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MailTribune.com
  • Missing the forest for the trees

    Biomass has a role to play in protecting forests — and limiting carbon emissions
  • The Environmental Protection Agency has biomass operators — and Oregon members of Congress — steaming over the possibility that biomass plants might be regulated as though they were coal-fired power plants. So far, the EPA is merely planning to gather more information before deciding on the industry's future. But ...
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  • The Environmental Protection Agency has biomass operators — and Oregon members of Congress — steaming over the possibility that biomass plants might be regulated as though they were coal-fired power plants. So far, the EPA is merely planning to gather more information before deciding on the industry's future. But if the decision goes the wrong way, it would be bad for Oregon's economy and for rational forest management.
    Biomass is woody material — small trees and brush cut to reduce fire danger, as well as debris from demolished buildings, fences and other structures. Burning this waste wood generates a small amount of power, but enough to earn some money and help pay for forest thinning projects.
    The world is focused on greenhouse gases as the prime culprit in global climate change. Reducing carbon emissions is considered the most effective way to slow and, ultimately, stop global warming.
    Biomass presents an interesting dilemma for carbon-reduction advocates.
    Growing forests act as carbon "sinks" — absorbing carbon dioxide and giving off oxygen. When trees die, or when small trees and brush are cut to reduce fire danger, the woody debris contains stored carbon. Leaving wood to rot on the forest floor releases that carbon back into the atmosphere — part of the natural carbon cycle.
    Burning the waste instead reduces the risk it will contribute fuel to a forest fire. Burning also releases less carbon than the decay process. The emissions, however, are higher than those for coal plants.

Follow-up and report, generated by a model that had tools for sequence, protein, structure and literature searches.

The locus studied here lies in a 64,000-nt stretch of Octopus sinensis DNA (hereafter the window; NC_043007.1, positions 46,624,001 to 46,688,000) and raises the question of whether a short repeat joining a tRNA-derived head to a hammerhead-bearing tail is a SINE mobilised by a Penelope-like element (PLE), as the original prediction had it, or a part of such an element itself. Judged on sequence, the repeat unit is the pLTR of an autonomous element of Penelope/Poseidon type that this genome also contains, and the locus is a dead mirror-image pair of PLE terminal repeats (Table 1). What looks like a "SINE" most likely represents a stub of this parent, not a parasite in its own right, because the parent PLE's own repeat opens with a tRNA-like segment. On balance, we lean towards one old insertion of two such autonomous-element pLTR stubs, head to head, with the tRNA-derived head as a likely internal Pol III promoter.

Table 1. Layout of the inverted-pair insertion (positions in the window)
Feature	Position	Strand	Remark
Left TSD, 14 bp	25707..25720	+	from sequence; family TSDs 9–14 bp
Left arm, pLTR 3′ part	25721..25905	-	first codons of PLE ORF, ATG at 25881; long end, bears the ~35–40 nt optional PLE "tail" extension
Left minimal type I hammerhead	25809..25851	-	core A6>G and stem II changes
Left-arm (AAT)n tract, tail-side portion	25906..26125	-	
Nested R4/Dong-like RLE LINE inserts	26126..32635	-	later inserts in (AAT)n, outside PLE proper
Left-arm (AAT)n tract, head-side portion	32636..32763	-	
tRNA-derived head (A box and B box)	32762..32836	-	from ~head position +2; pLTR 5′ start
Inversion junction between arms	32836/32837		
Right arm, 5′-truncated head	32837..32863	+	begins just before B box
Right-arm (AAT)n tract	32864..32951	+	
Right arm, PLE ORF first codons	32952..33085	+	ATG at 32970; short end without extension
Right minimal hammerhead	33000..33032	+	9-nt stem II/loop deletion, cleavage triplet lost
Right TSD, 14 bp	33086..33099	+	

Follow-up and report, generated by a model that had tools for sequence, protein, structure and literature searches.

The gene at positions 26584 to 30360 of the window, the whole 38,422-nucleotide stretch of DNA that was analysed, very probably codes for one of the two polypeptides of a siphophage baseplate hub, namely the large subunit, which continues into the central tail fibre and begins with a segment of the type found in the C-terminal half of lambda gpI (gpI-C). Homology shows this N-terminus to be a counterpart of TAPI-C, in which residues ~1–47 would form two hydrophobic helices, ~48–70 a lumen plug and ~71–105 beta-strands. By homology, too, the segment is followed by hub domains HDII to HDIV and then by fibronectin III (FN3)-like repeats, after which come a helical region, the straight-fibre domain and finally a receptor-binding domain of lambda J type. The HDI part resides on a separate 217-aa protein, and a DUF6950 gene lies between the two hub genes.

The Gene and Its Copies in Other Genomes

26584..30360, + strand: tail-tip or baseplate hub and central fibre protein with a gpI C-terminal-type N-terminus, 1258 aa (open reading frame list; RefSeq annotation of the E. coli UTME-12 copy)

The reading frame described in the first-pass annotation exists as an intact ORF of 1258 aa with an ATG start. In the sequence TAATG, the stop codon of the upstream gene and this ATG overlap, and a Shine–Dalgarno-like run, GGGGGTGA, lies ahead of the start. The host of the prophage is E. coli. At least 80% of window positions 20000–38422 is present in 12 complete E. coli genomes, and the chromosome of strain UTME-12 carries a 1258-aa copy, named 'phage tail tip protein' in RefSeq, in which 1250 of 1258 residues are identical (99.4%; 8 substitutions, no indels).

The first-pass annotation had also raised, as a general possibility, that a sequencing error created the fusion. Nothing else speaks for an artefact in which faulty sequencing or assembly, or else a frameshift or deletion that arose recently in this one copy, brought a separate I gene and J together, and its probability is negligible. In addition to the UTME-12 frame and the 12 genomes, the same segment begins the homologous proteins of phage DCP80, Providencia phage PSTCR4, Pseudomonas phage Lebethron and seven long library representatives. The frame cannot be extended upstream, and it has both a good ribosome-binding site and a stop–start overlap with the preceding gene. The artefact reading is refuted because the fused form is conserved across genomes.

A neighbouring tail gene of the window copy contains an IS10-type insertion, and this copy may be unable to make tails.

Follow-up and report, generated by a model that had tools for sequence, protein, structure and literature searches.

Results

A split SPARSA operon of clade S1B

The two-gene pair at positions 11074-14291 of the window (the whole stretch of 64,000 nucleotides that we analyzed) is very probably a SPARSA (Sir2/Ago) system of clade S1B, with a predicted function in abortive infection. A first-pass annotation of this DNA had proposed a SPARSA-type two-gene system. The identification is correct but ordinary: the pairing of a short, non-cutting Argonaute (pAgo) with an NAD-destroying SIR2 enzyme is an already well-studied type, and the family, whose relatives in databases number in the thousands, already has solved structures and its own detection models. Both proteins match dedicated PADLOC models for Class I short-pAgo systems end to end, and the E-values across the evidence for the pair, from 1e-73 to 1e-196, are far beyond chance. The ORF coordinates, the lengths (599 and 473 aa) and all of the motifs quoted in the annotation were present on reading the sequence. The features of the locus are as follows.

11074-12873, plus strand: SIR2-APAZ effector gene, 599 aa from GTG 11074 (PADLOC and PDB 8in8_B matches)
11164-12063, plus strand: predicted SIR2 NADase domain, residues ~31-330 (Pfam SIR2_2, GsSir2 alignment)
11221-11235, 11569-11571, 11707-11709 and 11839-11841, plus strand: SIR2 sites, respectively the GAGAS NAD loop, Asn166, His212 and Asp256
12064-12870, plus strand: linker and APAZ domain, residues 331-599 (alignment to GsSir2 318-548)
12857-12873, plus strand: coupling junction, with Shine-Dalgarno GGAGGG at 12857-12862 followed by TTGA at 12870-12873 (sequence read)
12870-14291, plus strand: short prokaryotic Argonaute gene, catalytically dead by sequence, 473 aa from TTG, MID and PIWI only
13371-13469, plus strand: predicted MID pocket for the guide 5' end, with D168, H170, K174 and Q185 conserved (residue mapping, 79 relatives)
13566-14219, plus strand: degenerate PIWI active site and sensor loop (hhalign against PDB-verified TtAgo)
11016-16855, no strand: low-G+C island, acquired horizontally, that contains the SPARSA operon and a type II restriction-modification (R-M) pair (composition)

Coal-fired power plants, however, burn massive quantities of fossilized carbon. Coal is carbon that has been sequestered from the carbon cycle for millennia, until it is dug up by humans for fuel.
    Regardless of the danger posed by biomass emissions, the industry contributes less than 1 percent of the nation's electricity production. Coal is a major energy source.
    The EPA's dilemma is whether biomass plants should continue to be classified as "carbon-neutral" for the purpose of reducing greenhouse emissions.
    Cutting down otherwise marketable timber to burn for electricity would not be carbon-neutral, and ought to be discouraged. But no one is suggesting that be done.
    Reducing wildfire danger by thinning small trees and cutting brush is something nearly everyone agrees ought to be done. Wildfires pour far more carbon and pollutants into the atmosphere than biomass operations.
    Sustaining human civilization on a planet with finite resources is an exercise in balancing what we take against what we preserve and put back.
    Sustainable timber harvests and generating power by burning wood waste are examples of the kind of balance we ought to be looking for.
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